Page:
Only a quarter of people living with HIV in South Africa virally suppressed

The continuum of HIV care in South Africa: implications for achieving the second and third UNAIDS 90-90-90 targets.

Takuva S, Brown AE, Pillay Y, Delpech V, Puren AJ. AIDS. 2017 Feb 20;31(4):545-552. doi: 10.1097/QAD.0000000000001340.

Background: We characterize engagement with HIV care in South Africa in 2012 to identify areas for improvement towards achieving global 90-90-90 targets.

Methods: Over 3.9 million CD4 cell count and 2.7 million viral load measurements reported in 2012 in the public sector were extracted from the national laboratory electronic database. The number of persons living with HIV (PLHIV), number and proportion in HIV care, on antiretroviral therapy (ART) and with viral suppression (viral load <400 copies/ml) were estimated and stratified by sex and age group. Modified Poisson regression approach was used to examine associations between sex, age group and viral suppression among persons on ART.

Results: We estimate that among 6 511 000 PLHIV in South Africa in 2012, 3 300 000 individuals (50.7%) accessed care and 32.9% received ART. Although viral suppression was 73.7% among the treated population in 2012, the overall percentage of persons with viral suppression among all PLHIV was 23.8%. Linkage to HIV care was lower among men (38.5%) than among women (57.2%). Overall, 47.1% of those aged 0-14 years and 47.0% of those aged 15-49 years were linked to care compared with 56.2% among those aged above 50 years.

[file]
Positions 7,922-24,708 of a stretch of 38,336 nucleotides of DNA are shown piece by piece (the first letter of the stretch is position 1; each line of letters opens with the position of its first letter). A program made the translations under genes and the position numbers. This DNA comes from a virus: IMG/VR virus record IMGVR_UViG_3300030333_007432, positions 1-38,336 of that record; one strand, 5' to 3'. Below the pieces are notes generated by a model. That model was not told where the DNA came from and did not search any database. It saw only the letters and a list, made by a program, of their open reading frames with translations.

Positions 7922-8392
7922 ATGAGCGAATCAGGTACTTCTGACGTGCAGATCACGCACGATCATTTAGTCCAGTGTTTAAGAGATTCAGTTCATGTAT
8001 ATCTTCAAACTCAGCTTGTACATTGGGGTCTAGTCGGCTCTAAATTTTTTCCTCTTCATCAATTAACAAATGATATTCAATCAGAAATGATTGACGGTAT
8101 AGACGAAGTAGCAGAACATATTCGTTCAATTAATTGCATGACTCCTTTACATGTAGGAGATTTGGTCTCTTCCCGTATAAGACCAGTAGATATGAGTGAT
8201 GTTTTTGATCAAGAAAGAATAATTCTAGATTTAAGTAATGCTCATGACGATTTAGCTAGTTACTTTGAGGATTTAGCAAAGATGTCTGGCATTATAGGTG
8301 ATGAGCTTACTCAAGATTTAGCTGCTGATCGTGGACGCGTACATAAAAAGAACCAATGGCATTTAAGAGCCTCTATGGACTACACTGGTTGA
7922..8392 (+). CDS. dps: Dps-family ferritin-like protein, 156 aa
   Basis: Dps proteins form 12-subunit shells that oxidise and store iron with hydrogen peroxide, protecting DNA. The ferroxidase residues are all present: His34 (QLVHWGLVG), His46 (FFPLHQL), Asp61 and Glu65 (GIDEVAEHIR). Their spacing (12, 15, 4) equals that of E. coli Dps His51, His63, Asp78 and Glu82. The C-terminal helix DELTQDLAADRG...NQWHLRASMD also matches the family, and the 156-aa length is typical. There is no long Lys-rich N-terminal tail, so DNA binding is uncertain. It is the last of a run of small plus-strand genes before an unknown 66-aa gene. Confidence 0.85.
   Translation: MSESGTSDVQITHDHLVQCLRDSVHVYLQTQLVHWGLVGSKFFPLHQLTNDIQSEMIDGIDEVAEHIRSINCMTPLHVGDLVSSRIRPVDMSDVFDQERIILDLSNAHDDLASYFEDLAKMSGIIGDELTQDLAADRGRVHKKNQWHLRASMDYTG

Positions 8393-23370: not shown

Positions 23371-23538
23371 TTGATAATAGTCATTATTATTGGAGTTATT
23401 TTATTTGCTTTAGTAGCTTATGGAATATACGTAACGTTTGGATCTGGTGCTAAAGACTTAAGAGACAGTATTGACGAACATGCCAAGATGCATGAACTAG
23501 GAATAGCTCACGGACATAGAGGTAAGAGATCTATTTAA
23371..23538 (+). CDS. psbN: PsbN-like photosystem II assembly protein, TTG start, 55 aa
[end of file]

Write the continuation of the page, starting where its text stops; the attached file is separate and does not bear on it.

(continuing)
Conclusion: Around a quarter of all PLHIV have achieved viral suppression in South Africa. Men and younger persons have poorer linkage to HIV care. Expanding HIV testing, strengthening prompt linkage to care and further expansion of ART are needed for South Africa to reach the 90-90-90 target. Focus on these areas will reduce the transmission of new HIV infections and mortality in the general population.

Abstract access  [1]

Editor’s notes: To maximise the impact of ART, people living with HIV should be diagnosed early, enrolled and initiated on antiretroviral therapy (ART) and retained in ART care. Long-term adherence to achieve and maintain viral load suppression is the last step in the continuum of HIV care. Engagement along the complete treatment cascade will determine the long-term success of the global response to HIV.

In this manuscript, the authors used a combination of national HIV prevalence estimates and routine data collected through the National Health Laboratory Service to construct and characterize the different stages of the HIV care continuum in South Africa.

They estimate that, despite the expansion of the ART programme in South Africa, only about a quarter of people living with HIV were virally suppressed in 2012, contrasting with recent estimates from Botswana where about 70% of people living with HIV were reported to be virally suppressed. They estimate that only about half of all people living with HIV accessed care, but report that, once in care, the ART programme proves to be effective with three-quarters of people on ART achieving virologic suppression. Not surprisingly they found that men and younger persons have poorer linkage to care. They recommend that HIV testing needs to be expanded, and linkage to care needs to be promoted for people testing HIV-positive, if the UNAIDS 90-90-90 treatment target is to be reached.

This paper illustrates how, in the context of a national public sector laboratory diagnostic service, routine laboratory data can be used to monitor the public health response to HIV at a national level. 

Epidemiology [3], HIV testing [4], HIV Treatment [5]
Africa [6]
South Africa [7]
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